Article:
US Shuts the Door On More Cuban Immigrants

The number of Cuban immigrants entering the US has increased significantly since President Obama began his rapprochement with the island's government.

Cuban

The United States will no longer grant residency to Cuban immigrants arriving without visas, ending the 20-year-old policy known as “wet-foot/dry foot”.

A White House statement claimed that the decision was part of its ongoing effort to warm relations with Cuba.  This will no doubt put a stop to the growing population of Cuban immigrants in America.

According to a Pew Research Center analysis, the number of Cuban immigrants entering the U.S. has increased significantly since President Obama began his rapprochement with the island’s government. In the 2014 fiscal year, 24,278 Cubans arrived in the U.S. Nearly double that number – 43,159 – arrived in 2015, and more than that arrived last year.

The change in policy has jolted Cuban immigrants waiting at the Mexican border on the way to the United States.

Under the old policy, Cuban immigrants hoping to live legally in the U.S. needed only to show up at a port of entry, where they could pass an inspection, which included a check of criminal and immigration history in the U.S. They could then become legal permanent residents after a year.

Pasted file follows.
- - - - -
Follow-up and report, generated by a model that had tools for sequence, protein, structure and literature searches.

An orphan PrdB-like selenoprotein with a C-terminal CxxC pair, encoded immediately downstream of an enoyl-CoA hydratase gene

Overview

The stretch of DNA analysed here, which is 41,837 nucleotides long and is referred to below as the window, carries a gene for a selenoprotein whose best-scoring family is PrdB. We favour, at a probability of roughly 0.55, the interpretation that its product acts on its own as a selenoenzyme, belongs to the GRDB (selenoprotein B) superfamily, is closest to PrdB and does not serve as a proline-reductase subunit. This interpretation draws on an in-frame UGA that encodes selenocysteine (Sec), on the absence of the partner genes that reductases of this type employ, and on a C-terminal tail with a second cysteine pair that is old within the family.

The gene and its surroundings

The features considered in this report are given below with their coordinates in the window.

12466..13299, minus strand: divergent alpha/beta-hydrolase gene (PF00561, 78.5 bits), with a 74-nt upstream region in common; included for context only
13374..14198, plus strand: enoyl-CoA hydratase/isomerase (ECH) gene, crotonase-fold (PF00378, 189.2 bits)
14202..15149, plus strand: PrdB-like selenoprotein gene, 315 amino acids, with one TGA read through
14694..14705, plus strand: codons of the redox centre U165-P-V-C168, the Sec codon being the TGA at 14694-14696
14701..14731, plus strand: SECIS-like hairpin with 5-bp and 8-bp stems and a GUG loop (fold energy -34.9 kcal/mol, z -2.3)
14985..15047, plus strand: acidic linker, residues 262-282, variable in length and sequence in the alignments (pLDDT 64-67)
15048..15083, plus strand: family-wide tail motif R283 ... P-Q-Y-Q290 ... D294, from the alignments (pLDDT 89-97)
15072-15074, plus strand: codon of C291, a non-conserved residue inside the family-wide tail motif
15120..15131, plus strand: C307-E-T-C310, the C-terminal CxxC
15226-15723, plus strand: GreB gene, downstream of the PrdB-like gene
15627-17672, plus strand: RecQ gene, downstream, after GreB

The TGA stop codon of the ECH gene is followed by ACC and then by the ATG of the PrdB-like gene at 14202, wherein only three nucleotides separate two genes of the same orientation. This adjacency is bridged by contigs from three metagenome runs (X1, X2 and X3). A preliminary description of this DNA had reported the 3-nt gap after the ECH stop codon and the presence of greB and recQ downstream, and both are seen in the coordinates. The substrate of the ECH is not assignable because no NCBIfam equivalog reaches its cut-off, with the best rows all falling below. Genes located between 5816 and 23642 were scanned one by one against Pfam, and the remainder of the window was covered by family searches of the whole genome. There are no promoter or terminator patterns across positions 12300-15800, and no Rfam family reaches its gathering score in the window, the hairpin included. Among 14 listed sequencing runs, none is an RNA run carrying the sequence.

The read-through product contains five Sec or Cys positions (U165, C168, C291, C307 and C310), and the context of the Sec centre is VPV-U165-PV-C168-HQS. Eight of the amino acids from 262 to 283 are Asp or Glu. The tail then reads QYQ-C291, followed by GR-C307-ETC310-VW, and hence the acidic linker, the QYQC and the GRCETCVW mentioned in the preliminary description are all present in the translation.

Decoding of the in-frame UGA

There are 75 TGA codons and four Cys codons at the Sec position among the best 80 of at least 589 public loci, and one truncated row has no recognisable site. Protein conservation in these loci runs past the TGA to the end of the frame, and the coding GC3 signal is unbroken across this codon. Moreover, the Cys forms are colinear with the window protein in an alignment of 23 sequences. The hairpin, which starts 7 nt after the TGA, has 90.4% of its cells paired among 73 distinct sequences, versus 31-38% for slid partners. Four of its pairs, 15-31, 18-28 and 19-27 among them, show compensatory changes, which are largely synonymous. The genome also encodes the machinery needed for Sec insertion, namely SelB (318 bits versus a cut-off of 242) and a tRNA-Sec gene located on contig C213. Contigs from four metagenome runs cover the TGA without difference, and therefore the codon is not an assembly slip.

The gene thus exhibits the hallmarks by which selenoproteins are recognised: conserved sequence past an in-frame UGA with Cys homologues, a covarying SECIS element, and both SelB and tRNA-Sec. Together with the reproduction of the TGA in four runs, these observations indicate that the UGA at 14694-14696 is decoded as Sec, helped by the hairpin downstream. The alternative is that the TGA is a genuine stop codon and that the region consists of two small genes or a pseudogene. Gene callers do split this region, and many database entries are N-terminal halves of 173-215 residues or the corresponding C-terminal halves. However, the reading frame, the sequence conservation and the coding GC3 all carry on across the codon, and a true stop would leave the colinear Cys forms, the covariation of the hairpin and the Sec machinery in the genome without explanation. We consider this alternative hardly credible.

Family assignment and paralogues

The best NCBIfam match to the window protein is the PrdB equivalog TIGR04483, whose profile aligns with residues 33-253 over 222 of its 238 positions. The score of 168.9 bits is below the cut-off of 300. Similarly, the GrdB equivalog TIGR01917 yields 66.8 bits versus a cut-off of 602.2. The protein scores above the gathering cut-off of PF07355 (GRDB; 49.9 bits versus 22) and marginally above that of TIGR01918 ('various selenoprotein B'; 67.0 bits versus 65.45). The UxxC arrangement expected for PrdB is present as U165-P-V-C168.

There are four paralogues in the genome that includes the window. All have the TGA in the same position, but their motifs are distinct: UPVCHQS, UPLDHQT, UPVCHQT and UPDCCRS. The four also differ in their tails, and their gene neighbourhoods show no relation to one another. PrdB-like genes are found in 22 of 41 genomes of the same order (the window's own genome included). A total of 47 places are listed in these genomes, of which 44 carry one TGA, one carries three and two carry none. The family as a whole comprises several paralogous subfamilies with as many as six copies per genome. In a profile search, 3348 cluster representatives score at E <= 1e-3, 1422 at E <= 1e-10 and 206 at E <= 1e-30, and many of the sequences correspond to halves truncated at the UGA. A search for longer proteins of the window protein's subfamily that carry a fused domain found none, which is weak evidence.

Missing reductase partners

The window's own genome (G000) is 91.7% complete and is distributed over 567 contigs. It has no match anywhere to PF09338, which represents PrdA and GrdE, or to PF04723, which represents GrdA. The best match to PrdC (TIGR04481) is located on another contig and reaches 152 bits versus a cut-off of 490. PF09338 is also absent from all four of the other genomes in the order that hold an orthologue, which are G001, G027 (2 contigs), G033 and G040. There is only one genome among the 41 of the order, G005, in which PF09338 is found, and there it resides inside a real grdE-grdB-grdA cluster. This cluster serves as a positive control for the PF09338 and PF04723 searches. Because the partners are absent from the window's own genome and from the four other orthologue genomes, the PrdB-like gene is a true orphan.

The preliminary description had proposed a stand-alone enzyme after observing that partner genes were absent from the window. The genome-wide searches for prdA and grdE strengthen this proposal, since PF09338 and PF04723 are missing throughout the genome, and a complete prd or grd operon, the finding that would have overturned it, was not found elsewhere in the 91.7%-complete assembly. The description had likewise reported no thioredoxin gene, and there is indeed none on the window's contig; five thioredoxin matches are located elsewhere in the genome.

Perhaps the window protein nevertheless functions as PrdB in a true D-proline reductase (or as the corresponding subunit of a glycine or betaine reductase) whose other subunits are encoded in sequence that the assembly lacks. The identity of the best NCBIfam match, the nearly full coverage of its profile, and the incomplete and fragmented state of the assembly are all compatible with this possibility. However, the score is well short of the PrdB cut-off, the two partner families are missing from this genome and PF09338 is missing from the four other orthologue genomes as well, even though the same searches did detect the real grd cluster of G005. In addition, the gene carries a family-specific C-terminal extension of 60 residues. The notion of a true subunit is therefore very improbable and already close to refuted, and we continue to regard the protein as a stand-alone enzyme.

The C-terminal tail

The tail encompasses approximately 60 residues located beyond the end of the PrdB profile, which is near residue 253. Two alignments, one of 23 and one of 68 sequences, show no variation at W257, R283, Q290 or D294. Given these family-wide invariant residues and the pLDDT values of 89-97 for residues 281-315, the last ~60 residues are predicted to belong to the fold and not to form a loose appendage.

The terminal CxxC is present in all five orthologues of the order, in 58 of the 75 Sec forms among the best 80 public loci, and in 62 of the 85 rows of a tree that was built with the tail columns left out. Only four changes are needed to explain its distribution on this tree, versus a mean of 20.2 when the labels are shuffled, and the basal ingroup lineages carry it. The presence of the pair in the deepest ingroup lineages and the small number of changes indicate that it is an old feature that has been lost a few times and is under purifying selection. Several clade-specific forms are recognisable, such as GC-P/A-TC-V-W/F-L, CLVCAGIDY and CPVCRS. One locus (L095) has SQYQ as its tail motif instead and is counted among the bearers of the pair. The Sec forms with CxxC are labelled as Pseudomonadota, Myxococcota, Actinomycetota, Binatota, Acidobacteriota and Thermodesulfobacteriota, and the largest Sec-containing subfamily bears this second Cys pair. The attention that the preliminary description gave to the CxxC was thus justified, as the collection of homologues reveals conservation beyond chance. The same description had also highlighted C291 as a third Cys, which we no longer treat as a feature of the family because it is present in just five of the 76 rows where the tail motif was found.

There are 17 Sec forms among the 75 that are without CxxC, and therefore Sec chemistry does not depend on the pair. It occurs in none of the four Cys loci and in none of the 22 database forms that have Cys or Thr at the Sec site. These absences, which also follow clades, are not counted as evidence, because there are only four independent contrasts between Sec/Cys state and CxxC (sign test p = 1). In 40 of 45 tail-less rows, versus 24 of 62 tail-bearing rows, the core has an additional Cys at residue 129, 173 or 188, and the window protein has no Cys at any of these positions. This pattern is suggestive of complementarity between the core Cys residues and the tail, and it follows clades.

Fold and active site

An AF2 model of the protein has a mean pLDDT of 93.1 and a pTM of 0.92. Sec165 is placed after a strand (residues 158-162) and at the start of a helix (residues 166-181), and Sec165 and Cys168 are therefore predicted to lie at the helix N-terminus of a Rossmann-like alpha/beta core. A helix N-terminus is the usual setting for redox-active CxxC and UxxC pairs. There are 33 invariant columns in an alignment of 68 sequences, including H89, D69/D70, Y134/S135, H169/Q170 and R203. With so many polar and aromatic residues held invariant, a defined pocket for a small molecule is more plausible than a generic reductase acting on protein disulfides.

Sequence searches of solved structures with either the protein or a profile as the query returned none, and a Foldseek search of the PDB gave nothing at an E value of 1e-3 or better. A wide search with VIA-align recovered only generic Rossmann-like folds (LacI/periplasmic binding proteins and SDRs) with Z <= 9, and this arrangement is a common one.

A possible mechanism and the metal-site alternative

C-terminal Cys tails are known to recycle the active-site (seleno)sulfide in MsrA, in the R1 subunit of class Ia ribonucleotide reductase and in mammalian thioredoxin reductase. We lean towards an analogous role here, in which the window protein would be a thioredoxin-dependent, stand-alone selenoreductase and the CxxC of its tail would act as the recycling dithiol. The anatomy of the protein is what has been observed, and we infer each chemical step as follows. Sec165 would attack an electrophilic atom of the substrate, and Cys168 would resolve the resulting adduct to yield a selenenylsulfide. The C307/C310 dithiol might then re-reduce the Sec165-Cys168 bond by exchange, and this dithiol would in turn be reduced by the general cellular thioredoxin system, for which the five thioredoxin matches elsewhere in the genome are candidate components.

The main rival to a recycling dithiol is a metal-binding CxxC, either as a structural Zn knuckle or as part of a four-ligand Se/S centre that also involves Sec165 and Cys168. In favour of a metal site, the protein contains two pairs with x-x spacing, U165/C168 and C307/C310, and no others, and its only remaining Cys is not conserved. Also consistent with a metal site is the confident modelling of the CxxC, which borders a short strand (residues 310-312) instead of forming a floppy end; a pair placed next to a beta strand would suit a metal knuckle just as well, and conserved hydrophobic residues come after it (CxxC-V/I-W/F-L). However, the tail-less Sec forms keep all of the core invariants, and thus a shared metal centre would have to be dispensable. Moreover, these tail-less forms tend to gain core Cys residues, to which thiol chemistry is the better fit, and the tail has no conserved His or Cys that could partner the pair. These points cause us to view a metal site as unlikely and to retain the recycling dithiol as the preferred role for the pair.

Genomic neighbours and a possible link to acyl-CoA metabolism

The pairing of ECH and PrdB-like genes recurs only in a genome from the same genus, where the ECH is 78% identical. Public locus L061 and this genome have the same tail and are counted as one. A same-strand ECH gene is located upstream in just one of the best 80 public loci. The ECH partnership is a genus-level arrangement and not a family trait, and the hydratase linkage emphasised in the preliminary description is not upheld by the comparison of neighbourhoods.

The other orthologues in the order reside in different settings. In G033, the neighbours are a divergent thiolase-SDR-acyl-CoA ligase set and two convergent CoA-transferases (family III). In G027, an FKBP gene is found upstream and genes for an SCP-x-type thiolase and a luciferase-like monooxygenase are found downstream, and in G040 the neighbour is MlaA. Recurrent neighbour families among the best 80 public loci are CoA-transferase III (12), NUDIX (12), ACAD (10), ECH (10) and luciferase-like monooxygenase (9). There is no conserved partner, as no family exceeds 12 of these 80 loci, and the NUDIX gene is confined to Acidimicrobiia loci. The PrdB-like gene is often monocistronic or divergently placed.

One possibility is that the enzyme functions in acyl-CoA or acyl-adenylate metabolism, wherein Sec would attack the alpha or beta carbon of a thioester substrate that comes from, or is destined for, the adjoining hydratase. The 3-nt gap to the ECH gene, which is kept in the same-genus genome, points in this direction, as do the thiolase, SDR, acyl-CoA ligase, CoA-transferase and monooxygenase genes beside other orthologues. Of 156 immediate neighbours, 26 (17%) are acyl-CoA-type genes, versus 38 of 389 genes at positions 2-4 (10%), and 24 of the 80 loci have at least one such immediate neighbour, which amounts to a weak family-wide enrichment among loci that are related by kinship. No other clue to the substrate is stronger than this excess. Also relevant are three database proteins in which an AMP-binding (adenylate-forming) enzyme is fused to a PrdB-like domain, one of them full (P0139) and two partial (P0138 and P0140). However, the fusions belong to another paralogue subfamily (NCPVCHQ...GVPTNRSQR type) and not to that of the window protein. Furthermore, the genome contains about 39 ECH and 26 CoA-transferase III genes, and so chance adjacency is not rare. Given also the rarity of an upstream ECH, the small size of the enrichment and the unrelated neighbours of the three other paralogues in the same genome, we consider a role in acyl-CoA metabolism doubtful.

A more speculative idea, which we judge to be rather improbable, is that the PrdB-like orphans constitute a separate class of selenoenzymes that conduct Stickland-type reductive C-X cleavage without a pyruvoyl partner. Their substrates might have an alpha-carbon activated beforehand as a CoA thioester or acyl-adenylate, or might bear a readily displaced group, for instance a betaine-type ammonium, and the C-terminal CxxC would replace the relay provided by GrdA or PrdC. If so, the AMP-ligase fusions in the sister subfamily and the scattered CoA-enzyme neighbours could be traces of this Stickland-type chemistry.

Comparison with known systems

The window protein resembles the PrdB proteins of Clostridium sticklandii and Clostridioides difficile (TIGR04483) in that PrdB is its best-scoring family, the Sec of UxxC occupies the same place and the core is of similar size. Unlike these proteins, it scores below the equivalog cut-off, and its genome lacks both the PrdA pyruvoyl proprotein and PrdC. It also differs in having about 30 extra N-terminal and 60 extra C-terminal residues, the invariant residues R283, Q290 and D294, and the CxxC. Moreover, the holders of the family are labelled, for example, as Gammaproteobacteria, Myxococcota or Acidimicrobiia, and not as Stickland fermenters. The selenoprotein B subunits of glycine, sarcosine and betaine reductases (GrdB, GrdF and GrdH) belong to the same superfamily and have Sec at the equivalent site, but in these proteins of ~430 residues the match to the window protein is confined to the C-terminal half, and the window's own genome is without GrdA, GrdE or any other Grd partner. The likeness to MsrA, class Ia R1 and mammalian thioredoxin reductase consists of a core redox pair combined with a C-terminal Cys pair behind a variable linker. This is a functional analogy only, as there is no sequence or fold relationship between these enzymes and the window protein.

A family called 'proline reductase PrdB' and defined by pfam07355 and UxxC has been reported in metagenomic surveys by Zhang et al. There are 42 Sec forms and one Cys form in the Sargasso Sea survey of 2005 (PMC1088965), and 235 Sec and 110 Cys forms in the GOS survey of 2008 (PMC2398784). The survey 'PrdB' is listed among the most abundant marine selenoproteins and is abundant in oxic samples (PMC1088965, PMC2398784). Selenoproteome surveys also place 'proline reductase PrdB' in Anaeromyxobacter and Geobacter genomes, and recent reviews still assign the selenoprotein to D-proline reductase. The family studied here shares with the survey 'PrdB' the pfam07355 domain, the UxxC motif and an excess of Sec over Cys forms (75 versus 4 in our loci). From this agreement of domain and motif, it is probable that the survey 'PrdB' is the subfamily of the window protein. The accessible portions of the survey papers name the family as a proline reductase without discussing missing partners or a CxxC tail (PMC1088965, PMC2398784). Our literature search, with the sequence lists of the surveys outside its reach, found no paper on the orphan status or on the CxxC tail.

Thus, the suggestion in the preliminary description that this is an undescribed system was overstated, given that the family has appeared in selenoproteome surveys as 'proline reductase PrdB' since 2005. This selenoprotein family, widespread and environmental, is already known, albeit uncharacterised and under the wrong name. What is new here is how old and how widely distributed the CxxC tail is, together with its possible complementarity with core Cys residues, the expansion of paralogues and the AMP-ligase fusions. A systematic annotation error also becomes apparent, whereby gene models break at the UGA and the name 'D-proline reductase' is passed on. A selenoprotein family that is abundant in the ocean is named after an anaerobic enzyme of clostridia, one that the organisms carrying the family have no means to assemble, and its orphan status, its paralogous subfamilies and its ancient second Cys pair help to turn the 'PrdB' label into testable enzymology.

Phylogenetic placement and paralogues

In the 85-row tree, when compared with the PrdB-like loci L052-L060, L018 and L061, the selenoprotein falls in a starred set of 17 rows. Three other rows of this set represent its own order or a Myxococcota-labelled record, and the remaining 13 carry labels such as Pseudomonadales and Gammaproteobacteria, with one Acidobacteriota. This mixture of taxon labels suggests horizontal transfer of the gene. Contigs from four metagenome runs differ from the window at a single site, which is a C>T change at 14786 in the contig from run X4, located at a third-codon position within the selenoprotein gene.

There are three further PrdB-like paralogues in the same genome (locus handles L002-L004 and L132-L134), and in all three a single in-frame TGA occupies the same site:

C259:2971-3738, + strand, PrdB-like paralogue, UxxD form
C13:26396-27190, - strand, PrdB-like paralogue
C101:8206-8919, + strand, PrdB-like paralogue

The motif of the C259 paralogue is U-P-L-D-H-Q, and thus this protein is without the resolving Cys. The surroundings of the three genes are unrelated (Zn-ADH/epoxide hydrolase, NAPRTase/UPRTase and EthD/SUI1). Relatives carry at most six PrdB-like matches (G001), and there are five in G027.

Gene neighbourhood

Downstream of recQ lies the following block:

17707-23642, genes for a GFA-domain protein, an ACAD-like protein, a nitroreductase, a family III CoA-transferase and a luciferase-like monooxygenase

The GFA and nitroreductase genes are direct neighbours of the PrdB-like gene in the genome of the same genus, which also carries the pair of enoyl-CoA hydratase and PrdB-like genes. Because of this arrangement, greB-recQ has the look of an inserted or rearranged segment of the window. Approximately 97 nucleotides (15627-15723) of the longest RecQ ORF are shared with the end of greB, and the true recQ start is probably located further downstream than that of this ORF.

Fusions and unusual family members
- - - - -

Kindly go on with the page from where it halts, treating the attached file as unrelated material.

“By taking this step, we are treating Cuban migrants the same way we treat migrants from other countries,” stated the White House. That means, Cubans who now attempt to enter the U.S. without a visa will be deported, whether they arrive by sea or port of entry.

Sign up for our Nearshore Americas newsletter:

According to Pew Research, there are two million people of Cuban ancestry living in the U.S., the fourth largest Hispanic origin group behind Mexicans, Puerto Ricans, and Salvadorans.

It is not clear whether President-elect Donald Trump would continue Obama’s policy towards Cuba. But the research firm says a large majority of Americans support the country’s warming relations with the island nation and public support is growing for ending the trade embargo.

“Thousands of Cubans have migrated to the U.S. by land. Many fly to Ecuador because of the country’s liberal immigration policies, then travel north through Central America and Mexico,” said Pew Research.

Tags

JOIN THE CONVERSATION

JOIN THE CONVERSATION